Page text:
The plaintiff’s attorney might decide to call the defendants as witnesses. The administrators of the nursing home can be questioned about failing to comply with the standard of care and state and federal regulations. They will probably assert that all appropriate laws and regulations were followed. But lower level employees, who may have violated the laws on a day-to-day basis at management’s direction or with management’s tacit approval, may provide testimony that contradicts the testimony of the administrators.
The plaintiff’s attorney can also question lower level employees about whether they did not follow the standard of care, laws, rules or regulations because of the directives of the administrators; about whether the administrators failed to provide appropriate training; and about whether there was a lack of time to follow appropriate procedures because of a significant lack of adequate staffing.
If appropriate, the plaintiff’s attorney should call as witnesses the employees or independent contractors of the nursing home who made financial and budgetary decisions.
The plaintiff’s attorney may also call as witnesses any state or private investigators to verify the nursing home’s past violations and the poor care given to the resident plaintiff and other residents.
Family members may also be called as witnesses. Topics that their testimony might cover include:
- What their expectations were of the nursing home.
- How the nursing home led them to have those expectations.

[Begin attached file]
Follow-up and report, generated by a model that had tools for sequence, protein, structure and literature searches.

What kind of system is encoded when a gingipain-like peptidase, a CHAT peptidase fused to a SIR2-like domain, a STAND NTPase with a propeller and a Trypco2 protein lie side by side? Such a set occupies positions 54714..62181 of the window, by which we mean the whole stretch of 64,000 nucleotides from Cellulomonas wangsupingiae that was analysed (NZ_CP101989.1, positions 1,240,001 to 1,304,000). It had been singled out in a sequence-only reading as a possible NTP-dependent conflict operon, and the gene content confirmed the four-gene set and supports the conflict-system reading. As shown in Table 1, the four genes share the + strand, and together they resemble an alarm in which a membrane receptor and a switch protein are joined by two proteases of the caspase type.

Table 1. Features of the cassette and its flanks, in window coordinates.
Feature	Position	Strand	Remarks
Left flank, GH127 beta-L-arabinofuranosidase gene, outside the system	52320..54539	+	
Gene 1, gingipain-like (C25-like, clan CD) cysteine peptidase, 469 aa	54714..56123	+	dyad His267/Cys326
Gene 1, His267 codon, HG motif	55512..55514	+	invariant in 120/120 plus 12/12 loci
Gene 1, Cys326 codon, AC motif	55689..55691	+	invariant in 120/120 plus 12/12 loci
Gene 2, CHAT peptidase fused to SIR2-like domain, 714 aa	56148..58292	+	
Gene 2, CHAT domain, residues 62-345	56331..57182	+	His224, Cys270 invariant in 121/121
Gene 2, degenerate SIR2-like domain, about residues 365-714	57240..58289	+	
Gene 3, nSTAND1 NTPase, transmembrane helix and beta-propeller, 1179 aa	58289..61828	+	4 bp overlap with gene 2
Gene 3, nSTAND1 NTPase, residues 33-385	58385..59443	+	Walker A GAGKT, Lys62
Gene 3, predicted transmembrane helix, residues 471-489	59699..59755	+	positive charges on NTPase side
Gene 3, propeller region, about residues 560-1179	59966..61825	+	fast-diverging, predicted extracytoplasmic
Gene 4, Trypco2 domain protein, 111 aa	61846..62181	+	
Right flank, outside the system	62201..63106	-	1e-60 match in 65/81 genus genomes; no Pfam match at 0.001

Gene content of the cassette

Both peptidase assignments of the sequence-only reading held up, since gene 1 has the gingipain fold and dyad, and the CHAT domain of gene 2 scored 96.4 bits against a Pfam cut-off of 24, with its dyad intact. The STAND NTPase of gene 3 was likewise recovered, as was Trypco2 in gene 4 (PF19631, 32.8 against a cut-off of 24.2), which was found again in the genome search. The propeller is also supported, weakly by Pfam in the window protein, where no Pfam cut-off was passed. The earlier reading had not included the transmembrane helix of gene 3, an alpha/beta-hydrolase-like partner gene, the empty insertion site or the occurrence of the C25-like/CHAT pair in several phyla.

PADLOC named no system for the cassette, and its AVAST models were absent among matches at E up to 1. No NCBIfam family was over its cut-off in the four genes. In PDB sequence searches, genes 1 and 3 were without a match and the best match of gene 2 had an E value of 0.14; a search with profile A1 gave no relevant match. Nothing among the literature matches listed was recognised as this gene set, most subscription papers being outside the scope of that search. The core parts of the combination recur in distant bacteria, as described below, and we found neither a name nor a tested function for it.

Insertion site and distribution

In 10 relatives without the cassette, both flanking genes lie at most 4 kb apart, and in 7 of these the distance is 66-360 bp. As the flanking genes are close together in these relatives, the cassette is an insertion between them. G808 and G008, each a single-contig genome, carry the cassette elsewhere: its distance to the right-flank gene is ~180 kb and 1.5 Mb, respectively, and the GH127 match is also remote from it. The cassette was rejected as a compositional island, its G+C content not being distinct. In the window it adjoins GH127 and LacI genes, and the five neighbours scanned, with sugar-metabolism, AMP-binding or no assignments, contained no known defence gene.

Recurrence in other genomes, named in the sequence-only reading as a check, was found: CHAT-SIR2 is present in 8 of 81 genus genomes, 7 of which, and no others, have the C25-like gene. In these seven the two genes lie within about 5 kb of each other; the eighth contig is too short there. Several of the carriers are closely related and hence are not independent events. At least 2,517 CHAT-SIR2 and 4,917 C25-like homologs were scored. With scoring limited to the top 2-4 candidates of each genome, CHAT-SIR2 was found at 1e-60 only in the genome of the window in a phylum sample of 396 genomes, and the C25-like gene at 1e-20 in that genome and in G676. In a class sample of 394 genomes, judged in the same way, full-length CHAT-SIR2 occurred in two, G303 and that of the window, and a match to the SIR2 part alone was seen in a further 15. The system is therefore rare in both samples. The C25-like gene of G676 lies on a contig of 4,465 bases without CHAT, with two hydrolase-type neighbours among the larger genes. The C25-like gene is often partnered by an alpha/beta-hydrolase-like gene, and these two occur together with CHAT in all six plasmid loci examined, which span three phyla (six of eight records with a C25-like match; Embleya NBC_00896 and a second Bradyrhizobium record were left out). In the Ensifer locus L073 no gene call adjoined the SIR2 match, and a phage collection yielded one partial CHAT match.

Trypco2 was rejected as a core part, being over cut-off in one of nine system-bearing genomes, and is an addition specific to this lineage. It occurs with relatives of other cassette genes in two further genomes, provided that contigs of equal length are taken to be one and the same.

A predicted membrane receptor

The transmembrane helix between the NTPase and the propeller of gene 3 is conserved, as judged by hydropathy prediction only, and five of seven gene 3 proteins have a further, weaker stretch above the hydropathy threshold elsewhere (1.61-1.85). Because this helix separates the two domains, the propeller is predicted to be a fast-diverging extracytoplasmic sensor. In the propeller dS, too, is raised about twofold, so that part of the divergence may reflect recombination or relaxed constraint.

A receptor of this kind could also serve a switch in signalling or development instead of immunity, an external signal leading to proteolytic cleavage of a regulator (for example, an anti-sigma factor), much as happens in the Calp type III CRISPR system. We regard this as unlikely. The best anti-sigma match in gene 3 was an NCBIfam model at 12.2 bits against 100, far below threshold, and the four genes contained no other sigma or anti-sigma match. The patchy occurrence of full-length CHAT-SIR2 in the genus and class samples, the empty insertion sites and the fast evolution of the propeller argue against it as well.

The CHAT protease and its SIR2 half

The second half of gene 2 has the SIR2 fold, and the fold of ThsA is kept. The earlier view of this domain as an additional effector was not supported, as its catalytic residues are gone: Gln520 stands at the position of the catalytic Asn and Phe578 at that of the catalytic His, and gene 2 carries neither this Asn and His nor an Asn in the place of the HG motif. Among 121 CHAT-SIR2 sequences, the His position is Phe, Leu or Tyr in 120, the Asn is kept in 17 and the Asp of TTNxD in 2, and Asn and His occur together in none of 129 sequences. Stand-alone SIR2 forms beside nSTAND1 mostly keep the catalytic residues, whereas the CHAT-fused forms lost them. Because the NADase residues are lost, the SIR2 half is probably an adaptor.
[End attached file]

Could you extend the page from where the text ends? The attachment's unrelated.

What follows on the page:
- The poor care given to the resident plaintiff.
- The fact that they have brought this lawsuit to make sure that the same abuse does not occur to another family.
In closing argument, the attorney for the plaintiff will probably revisit themes presented in the opening statement. Once again, the focus is usually on the corporation. Focusing on the corporation is particularly important if the staff was incapable of providing the necessary care to plaintiff because there was not enough staffing, equipment and supplies to take care of patients and follow regulations.
Plaintiff’s lawyer can point out that we as a society licensed the defendant nursing home to take care of our parents, grandparents, aunts and uncles. This is a very vulnerable portion of our population; people who cannot protect themselves. Thus, we turn to the nursing home to help our loved ones be protected.
The closing argument should also remind the jurors of the promises made to the elder and the elder’s family, and how those promises were broken. The jurors should not forget that the nursing home has “profited” from its negligent practices.
On the issue of damages, the jurors will appreciate a discussion of the value of human life. An injury to an elderly person is just as significant as, if not more significant than, an injury to a younger person. Peace of mind in our final days is what we all dream of and hope for. With only a limited number of days left in one’s life, each day becomes more valuable to the elderly person.
One damage argument that has worked in elder abuse cases is this:
“Imagine two individuals who are robbed of $500. One is a millionaire and the other is traveling with his last $500. Who suffered more? Who experienced the greater loss? The older we get, the more precious our days become.”
An additional theme is the importance of human dignity. One can live with all kinds of pain, but if you strip a person of his or her dignity, they become nothing more than animals. Our elderly family members are not animals. They are human beings that must be treated with dignity. But because the defendant nursing home was callous and did not follow the rules and regulations, a family member was severely injured or died. The jurors must also be reminded that they have a special responsibility in the case. It is up to the jurors to provide justice. The jury’s verdict is the only thing that will teach the defendant nursing home the lesson that it cannot violate federal and state nursing home regulations without paying for the consequences.